This is a sample ingredient list taken directly from a cat food label.

 

Table #1: Basic nutrient requirements on a dry matter basis

Stage of Life

% Crude Protein

% Crude Fiber

% Crude Fat

Growth

>35

<5

>17

Reproduction/Lactation

>35

<5

>17

Normal Maintenance

>25

<5

>10

Old Age

25-35

<5

>15

The numbers in the guaranteed analysis section of a cat food label CANNOT be directly compared to the ones found in Table #1. The numbers in a guaranteed analysis are formulated using the moisture content of the diet. In contrast, the numbers in Table #1 are calculated on a dry matter basis. Use Hints #1 and #2 below and the information from Example A to take the guaranteed analysis numbers from a diet label (such as the one below) and convert them to the percentages that can be compared to the numbers in Table #1.

Guaranteed Analysis:

Crude Protein not less than ................................................................................  32.0%
Crude Fat not less than ......................................................................................  21.0%
Crude Fiber not more than ....................................................................................  8.5% 
Moisture not more than ........................................................................................ 10.0%
Ash not more than ...............................................................................................  7.0%
Magnesium not more than ...................................................................................  0.10%
Taurine not less than ...........................................................................................  0.15%

The above information was taken directly from a bag of cat food. This information will be used in Example A.

After a particular product is chosen, the following steps can be taken:

Hint #1: Different cat foods may contain very different amounts of water or moisture. This is expressed as % moisture or water and can vary from 5-80%.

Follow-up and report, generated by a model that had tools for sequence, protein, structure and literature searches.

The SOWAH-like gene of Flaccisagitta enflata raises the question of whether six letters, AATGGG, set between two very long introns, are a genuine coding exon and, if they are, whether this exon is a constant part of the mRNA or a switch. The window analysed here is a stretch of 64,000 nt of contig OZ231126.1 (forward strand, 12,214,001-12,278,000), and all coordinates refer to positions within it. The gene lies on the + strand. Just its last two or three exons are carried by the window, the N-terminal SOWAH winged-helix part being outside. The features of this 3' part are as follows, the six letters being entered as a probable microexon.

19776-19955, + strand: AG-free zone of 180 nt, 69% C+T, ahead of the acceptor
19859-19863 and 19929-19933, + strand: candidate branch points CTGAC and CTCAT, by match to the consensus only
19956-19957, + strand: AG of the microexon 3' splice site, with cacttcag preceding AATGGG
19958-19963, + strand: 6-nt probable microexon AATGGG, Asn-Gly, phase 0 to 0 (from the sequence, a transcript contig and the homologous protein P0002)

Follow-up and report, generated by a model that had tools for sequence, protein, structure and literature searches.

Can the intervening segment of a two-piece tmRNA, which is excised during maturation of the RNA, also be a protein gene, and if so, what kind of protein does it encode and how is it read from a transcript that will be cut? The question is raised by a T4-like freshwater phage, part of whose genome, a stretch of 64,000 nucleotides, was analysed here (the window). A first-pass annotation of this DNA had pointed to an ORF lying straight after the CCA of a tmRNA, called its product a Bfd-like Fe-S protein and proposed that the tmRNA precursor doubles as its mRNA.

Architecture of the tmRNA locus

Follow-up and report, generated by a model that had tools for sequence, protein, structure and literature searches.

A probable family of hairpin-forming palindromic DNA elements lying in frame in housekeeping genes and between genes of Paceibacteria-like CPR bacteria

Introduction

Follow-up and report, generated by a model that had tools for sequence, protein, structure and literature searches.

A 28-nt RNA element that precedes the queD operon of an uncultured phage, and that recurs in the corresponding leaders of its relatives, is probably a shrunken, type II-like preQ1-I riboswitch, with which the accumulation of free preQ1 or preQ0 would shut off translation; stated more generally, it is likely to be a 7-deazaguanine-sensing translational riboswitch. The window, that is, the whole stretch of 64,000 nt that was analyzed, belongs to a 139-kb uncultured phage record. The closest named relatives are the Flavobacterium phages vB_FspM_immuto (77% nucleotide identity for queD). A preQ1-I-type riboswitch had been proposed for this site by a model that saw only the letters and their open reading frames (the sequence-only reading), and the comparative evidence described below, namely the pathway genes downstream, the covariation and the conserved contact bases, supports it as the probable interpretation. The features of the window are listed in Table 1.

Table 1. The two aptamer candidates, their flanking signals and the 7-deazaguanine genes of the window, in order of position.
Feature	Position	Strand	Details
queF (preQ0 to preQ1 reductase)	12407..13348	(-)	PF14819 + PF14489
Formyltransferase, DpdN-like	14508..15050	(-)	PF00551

Hint #2: The remaining food that is not water is considered dry matter. Dry matter is the actual amount of the food that will provide nutrition for the animal. In Table #1, the numbers are calculated on a dry matter basis.

Example A: With the previous information in mind, a diet that is 10% water is also 90% dry matter. Therefore, a diet that contains 10% moisture, yet has a guaranteed analysis for protein of 32%, may actually have a protein of 35.5% on a dry matter basis (see the equation below).

Step #1: Calculate protein amount. Take the percent protein (32%) and divide it by the percent of the diet that is dry matter (90%).

.32/.90 = 0.355 or 35.5% on a dry matter basis. This 35.5 % can be compared to the numbers in Table # 1 to see if they meet the needs of the animal.

Step #2: Calculate fat and fiber amounts. The above example can also be used for calculating fat and fiber amounts by using the same 90% dry matter and substituting the appropriate fat and fiber numbers from the package label.

Step #3: Introduce the new diet. Once a product has been determined to fill all the necessary nutritional requirements for a particular animal, the diet can be introduced to a pet. When changing from one diet to another, the transition should be a gradual one. Begin on day one of the transition by feeding one-fifth (1/5) new diet and four-fifths (4/5) old diet. This ratio can be increased one-fifth (1/5) per day until a complete transition is achieved. Failure to slowly transition an animal to a new diet can cause diarrhea and other intestinal problems.